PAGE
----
Asee peer logo

Can the COVID-19 pandemic boost collaborative online international learning (COIL) in engineering education? – A review for potential implementations

Download Paper |


2022 ASEE Annual Conference & Exposition


Minneapolis, MN

Publication Date

August 23, 2022

Start Date

June 26, 2022

End Date

June 29, 2022

Conference Session

Chemical Engineering Division Poster Session

Page Count


Permanent URL

Download Count


Request a correction

Paper Authors


Erick Vasquez University of Dayton

visit author page

Erick S. Vasquez is an Associate Professor in the Department of Chemical and Materials Engineering at the University of Dayton. His educational research interests are community-based learning, open-ended laboratory experiments, teamwork, collaborative and active learning, and Transport Phenomena computational modeling. Erick was born in El Salvador and there received his BEng in Chemical Engineering at UCA. He obtained his MS from Clemson University and his PhD from Mississippi State University, both in Chemical Engineering.

visit author page


Erick Ramos

visit author page

Erick Ramos a professor in the Department of Processes Engineering and Environmental Sciences at the Universidad Centroamericana “José Simeón Cañas” (UCA), El Salvador. He received his BS degree in Chemical Engineering from the UCA and his MS and PhD in research in chemistry and chemical engineering from The Instituto Químico de Sarrià, Barcelona, Spain. His research interests are related to fixed bed separation processes and use of biomass to obtain products with high added value. He has taught the Unit Operations I, Thermodynamic of Processes, Separation Processes and Unit Operations III courses.

visit author page

Download Paper |


Several adverse consequences resulted from the COVID-19 pandemic. These have affected academia at many levels, including mandatory requirements for educators and students worldwide to switch to remote online learning or blended learning. This need exacerbated new technology and software learning to maintain proper communication and student engagement during online lectures. For instructors, these demands included learning how to use software to produce high-quality lessons, either in a pre-recorded format for asynchronous learning or through live online lectures for synchronous learning. For students, it meant rapid adaptability to learn video teleconferencing communication tools and a demand to keep up with multiple courses and learning management systems (LMS). Nonetheless, this accelerated learning of online communication tools bridges a technology gap that previously limited online international education.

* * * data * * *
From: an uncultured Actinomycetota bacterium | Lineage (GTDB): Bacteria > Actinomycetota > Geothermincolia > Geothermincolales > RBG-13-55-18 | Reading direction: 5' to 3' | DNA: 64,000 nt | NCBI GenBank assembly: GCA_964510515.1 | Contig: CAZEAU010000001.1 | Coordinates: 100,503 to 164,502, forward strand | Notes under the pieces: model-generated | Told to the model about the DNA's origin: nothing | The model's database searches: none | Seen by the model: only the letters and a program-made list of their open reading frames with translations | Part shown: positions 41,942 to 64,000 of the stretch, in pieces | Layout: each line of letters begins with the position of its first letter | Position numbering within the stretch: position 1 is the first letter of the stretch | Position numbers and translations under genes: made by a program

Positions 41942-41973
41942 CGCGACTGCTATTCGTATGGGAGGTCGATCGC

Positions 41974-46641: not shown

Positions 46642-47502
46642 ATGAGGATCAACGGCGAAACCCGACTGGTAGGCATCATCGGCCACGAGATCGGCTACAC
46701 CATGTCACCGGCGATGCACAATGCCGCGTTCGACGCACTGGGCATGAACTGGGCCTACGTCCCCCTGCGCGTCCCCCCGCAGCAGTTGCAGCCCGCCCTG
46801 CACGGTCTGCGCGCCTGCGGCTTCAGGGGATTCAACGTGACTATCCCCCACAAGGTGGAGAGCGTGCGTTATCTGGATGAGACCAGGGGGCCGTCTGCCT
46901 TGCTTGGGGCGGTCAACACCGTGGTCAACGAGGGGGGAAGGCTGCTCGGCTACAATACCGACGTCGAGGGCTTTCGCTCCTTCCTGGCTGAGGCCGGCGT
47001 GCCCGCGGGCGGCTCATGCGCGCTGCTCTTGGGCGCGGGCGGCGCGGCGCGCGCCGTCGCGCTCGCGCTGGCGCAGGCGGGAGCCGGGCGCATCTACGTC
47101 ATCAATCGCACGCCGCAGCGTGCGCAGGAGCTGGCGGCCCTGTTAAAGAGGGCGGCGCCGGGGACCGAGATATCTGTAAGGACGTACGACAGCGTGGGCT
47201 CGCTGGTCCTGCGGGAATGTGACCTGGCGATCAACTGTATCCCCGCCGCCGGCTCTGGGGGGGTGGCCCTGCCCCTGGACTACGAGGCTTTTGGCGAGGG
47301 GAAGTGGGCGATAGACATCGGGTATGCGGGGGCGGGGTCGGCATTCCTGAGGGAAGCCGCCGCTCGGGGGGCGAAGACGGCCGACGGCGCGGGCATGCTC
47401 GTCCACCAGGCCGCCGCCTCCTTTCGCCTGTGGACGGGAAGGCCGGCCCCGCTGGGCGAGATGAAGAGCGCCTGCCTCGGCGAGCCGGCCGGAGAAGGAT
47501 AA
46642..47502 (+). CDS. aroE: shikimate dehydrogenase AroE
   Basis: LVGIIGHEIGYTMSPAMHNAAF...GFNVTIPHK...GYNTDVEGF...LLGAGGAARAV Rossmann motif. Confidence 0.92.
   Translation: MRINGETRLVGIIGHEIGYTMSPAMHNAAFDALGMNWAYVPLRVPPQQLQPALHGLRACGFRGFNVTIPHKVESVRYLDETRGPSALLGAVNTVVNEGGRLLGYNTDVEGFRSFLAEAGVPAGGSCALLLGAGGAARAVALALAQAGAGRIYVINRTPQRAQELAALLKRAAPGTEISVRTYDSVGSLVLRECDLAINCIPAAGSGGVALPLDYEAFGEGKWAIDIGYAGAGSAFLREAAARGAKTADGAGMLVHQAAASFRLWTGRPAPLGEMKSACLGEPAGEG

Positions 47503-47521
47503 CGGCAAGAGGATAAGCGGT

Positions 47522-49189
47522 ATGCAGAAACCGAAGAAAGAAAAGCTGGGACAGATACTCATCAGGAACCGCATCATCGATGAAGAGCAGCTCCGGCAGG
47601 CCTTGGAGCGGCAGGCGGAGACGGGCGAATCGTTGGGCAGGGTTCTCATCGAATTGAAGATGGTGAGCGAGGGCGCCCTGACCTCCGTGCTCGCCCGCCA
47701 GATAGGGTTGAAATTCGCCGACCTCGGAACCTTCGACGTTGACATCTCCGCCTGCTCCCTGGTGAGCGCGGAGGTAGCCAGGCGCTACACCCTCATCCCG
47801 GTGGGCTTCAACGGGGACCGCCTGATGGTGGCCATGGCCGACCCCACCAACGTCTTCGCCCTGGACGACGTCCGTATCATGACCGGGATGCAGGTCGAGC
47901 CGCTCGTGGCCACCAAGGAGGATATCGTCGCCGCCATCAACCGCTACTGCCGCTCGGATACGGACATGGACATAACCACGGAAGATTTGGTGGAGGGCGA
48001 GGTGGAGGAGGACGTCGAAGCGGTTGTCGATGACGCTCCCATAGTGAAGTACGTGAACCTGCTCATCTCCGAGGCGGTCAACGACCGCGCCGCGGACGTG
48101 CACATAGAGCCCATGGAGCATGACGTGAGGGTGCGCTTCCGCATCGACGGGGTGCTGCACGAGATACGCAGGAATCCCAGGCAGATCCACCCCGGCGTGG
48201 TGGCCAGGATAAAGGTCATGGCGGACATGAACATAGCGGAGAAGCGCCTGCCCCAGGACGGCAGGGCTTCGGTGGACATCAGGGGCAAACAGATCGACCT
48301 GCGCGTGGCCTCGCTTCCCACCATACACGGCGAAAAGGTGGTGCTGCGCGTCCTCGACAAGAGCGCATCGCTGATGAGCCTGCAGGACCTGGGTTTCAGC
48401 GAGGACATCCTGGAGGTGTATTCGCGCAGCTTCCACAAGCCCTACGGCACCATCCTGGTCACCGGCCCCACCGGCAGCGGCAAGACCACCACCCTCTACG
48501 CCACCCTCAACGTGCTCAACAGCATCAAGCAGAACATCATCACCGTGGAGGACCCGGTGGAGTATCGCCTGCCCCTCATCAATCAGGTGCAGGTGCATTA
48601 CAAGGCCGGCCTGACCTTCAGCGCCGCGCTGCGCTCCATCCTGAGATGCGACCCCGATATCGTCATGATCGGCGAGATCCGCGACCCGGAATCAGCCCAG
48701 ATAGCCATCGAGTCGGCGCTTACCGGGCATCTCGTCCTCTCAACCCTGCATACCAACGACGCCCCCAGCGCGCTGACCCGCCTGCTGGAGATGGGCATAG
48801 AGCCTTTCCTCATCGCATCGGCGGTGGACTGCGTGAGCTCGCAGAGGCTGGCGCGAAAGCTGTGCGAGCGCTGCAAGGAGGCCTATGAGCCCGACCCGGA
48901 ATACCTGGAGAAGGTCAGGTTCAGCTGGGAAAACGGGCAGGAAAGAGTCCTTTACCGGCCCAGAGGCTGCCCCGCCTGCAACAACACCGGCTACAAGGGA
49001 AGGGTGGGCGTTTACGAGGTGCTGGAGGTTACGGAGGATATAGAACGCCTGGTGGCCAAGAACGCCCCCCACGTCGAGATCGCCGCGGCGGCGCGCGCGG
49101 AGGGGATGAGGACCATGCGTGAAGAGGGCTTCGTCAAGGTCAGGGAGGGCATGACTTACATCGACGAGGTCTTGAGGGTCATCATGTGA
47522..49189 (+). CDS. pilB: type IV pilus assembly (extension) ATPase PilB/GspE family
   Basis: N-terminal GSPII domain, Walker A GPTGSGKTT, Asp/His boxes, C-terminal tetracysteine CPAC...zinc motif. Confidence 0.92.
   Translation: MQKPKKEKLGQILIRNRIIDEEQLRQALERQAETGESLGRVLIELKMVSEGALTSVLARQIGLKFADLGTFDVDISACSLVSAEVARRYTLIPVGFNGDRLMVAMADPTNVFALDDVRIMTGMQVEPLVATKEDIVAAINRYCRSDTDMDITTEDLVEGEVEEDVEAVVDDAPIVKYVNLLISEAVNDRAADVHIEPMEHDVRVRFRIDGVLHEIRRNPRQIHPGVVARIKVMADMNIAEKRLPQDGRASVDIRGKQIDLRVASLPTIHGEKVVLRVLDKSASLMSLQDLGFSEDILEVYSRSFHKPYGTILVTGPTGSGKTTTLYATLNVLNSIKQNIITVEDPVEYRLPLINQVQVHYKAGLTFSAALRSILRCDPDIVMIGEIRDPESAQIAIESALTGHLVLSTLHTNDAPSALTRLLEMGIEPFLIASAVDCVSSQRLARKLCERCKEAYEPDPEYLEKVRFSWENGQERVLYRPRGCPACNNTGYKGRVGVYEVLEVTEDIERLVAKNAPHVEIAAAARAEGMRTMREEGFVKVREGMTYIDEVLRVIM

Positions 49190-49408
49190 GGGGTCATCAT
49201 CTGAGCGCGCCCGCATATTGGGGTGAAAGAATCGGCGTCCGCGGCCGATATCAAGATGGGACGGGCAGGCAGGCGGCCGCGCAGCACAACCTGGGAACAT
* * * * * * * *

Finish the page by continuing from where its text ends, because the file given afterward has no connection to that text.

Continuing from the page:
Students and instructors worldwide are now familiar with online connectivity tools; thus, it is essential to review potential opportunities to increase collaborative learning and education, particularly at an international level. In the past, Collaborative Online International Learning (COIL) programs provided stewardship to global learning experiences at many universities worldwide. Broadly, these should cover four significant aspects: (a) collaborations with students in other countries with other backgrounds and cultures, (b) engagement through online interactions for assignment completion or lectures, (c) development and assessment of students’ global perspectives and competencies, and a (d) reflective aspect of learning and education.

This study reviews previous COIL implementations in the literature, emphasizing chemical engineering and other STEM courses. To our knowledge, COIL implementations are widespread in social sciences; however, few reports highlight these practices in engineering courses. We review perspectives, methodologies, challenges, and resources needed for positive and long-lasting COIL implementations here. In addition, we offer a plan to implement a short-term COIL-based project in a chemical engineering course with faculty participants from the US and El Salvador. Any engineering educators planning to implement COIL activities can use these suggestions. Ultimately, this low-cost pedagogy could significantly aid in promoting cultural, technical, and global competence in engineering students in the next post-pandemic years.

Vasquez, E., & Ramos, E. (2022, August), Can the COVID-19 pandemic boost collaborative online international learning (COIL) in engineering education? – A review for potential implementations Paper presented at 2022 ASEE Annual Conference & Exposition, Minneapolis, MN.

ASEE holds the copyright on this document. It may be read by the public free of charge. Authors may archive their work on personal websites or in institutional repositories with the following citation: © 2022 American Society for Engineering Education. Other scholars may excerpt or quote from these materials with the same citation. When excerpting or quoting from Conference Proceedings, authors should, in addition to noting the ASEE copyright, list all the original authors and their institutions and name the host city of the conference. - Last updated April 1, 2015